The only solution for nuclear energy's radioactive waste: Bury the problem

By James Kanter, International Herald Tribune

Nov. 7 , 2007, WÜRENLINGEN, Switzerland: Sweeping his hand across the surface of a warm cask heated by some of the most radioactive material on earth, Walter Heep said he was confident that the contents could be kept safely and securely above ground for the next few decades.

Asked what might happen beyond that time frame - particularly if Swiss voters continue to reject proposals to bury nuclear waste permanently at a deep underground site - Heep was blunt about the problems that the lack of such a site would present for the future of the nuclear industry in Switzerland.

"We are not planning on a plan B," said Heep, the chief executive of Zwilag, a company that safeguards waste from the country's five reactors in storage buildings here in Würenlingen, near the border with Germany. "We need a final repository in Switzerland."

Because the production of nuclear energy generates virtually no carbon dioxide, the industry around the world is trying to ride a wave of enthusiasm for "green" sources of power at a time when demand for energy is surging. But a huge obstacle remains: More than a half-century after the opening of the first commercial reactor, there still is no permanent disposal site anywhere for highly radioactive waste of the kind that Heep oversees.

The industry and many governments are seeking to entomb the waste - the long-delayed Yucca Mountain project in the U.S. state of Nevada is the most prominent example - but public aversion to nuclear facilities remains strong, making it hard to find suitable sites and dampening the industry's hopes for a so-called nuclear renaissance.

"The failure to properly address waste disposal in the first decades of nuclear energy development has left a legacy of doubt in the minds of the public and politicians over its overall safety," Tomihiro Taniguchi, the deputy director general for nuclear safety and security at the International Atomic Energy Agency, said at a conference in Bern in October. "If this doubt is not ameliorated soon, it could well lead to all the ambitious plans to expand the use of nuclear power on a global scale being significantly delayed."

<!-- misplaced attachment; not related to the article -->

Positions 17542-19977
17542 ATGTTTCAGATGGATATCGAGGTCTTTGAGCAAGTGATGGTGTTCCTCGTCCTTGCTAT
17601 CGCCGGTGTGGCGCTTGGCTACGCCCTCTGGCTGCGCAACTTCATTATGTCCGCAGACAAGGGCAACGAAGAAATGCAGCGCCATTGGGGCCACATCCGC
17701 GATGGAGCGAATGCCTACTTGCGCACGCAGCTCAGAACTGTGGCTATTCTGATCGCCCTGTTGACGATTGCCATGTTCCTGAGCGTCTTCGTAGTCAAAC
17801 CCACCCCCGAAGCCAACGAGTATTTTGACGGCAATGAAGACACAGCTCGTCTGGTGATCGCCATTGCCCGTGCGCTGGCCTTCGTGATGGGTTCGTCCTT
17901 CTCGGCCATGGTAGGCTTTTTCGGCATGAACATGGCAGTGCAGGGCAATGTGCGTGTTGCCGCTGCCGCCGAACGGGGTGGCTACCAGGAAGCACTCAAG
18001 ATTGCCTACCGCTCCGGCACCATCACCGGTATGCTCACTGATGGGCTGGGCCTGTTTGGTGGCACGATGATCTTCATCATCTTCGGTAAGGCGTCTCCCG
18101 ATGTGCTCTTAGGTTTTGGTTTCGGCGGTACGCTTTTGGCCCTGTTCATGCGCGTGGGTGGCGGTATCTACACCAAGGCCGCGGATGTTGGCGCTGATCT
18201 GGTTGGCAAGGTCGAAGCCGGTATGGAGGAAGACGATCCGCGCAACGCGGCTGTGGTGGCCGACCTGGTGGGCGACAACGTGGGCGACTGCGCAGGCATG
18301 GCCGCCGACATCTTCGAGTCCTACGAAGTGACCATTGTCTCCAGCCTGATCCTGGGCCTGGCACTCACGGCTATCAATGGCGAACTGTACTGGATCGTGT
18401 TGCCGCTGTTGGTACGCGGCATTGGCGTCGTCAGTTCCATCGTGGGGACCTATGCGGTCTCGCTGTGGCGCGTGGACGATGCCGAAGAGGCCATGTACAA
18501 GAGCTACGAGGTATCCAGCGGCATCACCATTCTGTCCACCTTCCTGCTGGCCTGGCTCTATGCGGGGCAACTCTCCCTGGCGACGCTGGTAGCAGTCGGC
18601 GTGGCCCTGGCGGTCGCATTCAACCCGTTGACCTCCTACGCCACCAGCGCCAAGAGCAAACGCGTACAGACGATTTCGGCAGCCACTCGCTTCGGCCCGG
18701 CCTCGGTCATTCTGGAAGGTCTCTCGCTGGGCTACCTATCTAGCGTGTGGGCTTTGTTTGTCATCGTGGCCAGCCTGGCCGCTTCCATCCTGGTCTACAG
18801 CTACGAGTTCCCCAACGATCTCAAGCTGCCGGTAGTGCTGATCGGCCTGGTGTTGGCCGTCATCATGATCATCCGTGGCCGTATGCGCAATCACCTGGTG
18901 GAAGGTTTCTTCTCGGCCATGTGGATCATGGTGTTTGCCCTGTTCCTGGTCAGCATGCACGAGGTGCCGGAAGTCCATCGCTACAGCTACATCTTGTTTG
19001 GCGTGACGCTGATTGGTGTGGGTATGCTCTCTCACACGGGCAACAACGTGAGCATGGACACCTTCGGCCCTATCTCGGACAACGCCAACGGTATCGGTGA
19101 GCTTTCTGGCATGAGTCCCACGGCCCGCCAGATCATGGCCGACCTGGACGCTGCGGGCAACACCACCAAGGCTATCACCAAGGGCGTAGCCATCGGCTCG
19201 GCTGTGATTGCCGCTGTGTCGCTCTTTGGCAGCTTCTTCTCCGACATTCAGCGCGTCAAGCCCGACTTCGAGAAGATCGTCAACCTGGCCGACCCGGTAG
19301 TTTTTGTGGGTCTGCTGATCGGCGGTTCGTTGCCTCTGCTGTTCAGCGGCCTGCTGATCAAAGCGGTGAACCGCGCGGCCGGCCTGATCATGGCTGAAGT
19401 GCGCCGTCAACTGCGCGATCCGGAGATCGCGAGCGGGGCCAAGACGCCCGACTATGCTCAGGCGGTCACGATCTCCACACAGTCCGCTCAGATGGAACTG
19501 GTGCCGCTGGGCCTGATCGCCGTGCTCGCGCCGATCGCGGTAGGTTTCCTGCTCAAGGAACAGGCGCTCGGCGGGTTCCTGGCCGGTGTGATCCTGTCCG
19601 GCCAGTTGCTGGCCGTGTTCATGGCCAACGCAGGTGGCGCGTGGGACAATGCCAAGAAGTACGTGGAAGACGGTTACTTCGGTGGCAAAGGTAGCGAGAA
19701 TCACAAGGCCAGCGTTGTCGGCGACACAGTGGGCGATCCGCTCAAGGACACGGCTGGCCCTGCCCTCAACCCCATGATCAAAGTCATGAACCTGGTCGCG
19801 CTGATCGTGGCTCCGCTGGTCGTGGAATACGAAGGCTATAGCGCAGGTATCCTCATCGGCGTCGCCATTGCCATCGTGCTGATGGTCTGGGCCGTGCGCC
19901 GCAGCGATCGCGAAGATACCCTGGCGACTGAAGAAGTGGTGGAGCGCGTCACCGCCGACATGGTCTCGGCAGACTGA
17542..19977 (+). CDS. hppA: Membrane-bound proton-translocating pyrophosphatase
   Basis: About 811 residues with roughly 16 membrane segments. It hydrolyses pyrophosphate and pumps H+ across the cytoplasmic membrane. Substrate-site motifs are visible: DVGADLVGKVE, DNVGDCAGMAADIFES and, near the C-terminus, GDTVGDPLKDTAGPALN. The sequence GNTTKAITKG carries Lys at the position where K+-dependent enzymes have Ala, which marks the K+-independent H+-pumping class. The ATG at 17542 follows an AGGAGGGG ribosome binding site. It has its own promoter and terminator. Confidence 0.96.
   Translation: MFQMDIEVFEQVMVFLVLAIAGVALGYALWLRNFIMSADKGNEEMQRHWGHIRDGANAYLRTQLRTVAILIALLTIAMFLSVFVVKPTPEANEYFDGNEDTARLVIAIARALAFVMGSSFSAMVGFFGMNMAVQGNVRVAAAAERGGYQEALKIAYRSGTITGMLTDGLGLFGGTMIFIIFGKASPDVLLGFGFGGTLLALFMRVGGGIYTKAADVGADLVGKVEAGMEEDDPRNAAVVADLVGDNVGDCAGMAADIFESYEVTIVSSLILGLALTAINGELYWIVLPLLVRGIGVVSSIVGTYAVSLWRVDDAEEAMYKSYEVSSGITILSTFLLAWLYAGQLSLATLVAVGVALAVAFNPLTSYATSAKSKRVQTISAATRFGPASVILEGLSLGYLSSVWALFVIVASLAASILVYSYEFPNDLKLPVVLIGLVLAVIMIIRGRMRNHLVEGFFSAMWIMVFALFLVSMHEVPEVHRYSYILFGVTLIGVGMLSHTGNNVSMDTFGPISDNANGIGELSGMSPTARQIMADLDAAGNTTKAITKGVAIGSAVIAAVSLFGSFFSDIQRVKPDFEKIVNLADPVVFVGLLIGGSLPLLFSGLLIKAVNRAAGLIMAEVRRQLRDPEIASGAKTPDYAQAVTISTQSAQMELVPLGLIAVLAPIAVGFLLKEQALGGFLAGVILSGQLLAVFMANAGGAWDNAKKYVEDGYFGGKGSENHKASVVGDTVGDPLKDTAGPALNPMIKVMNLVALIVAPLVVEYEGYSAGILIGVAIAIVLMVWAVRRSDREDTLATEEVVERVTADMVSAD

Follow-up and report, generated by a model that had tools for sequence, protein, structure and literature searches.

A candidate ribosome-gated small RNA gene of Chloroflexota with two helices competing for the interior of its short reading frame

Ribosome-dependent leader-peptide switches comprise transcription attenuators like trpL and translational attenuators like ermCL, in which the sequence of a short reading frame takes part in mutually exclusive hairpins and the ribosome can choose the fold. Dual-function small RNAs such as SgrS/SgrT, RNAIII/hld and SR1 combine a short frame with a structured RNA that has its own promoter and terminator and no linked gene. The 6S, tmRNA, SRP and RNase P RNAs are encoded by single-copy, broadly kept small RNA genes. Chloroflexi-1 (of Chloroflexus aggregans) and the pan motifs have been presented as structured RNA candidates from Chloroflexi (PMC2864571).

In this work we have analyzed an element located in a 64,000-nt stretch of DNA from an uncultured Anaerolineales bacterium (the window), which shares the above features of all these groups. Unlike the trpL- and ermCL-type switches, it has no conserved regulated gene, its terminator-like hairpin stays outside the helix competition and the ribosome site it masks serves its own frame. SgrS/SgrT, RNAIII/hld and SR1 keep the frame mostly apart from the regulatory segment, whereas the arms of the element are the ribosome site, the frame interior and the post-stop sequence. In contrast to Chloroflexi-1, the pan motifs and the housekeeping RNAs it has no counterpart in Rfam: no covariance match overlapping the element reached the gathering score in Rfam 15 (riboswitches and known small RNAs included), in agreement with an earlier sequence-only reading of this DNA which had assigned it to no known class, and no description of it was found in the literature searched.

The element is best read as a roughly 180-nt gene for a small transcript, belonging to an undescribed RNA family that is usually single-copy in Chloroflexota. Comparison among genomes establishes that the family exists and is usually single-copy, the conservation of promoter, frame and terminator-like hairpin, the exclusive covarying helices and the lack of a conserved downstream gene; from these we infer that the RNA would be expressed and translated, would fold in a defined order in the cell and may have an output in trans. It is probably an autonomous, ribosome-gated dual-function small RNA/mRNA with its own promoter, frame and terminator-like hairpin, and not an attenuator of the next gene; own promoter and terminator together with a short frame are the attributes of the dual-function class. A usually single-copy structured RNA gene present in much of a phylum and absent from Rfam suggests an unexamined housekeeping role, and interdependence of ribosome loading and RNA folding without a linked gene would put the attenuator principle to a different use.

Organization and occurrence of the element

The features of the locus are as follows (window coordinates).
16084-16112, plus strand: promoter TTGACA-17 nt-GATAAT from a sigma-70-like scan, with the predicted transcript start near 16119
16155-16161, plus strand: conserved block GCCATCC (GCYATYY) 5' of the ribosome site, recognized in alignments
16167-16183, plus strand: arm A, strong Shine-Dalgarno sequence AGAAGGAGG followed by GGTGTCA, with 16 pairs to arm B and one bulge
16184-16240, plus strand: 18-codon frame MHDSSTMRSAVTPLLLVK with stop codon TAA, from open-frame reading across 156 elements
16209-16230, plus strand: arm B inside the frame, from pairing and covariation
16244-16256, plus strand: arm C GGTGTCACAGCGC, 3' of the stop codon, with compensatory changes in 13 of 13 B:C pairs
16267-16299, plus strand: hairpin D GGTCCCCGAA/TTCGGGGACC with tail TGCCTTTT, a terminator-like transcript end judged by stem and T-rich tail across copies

Around the world, waste and spent fuel are stored on an interim basis in pools of water or in casks, many near ground level. That leads to concerns about the vulnerability of the materials to disasters like terrorist attacks, and it raises persistent questions about whether the materials can be effectively monitored for periods that exceed recorded human history many times over.

Waste like spent fuel contains materials that can take up to one million years to degrade to a state of negligible toxicity.

Firing neutrons at waste in a process called transmutation shortens the time needed for radioactivity to decay. Reprocessing spent fuel reduces its volume and its toxicity. But neither procedure eliminates waste entirely. So international officials like Taniguchi say permanent disposal in a combination of clay and rock, or in salt domes, is the best option for isolating these long-term residues.

Posiva, a waste disposal company owned by Finnish nuclear operators, is digging a tunnel at Olkiluoto, an island in the west of Finland, in anticipation of final approval for storing waste underground at a depth of 500 meters, or 1,640 feet. Burial could begin in 2020. That could make the site the first of its kind in the world, demonstrating to opponents of nuclear power that long-term disposal is feasible, and helping the Finnish nuclear industry save money on storage in future decades.

But the Finnish case is exceptional. Many residents in the Olkiluoto area accept nuclear facilities because there are already nuclear power plants on the island that provide employment and hefty tax revenue. The local geology also turned out to be favorable.

Elsewhere, similar efforts face seemingly implacable opposition.

For decades, the U.S. authorities have sought to put high-level waste inside Yucca Mountain. President George W. Bush approved the process in 2002, but Nevada's governor vetoed the plan. Although Congress overrode that veto and government officials say they could open a site there by 2017 if all goes according to schedule, few people consider that timetable realistic.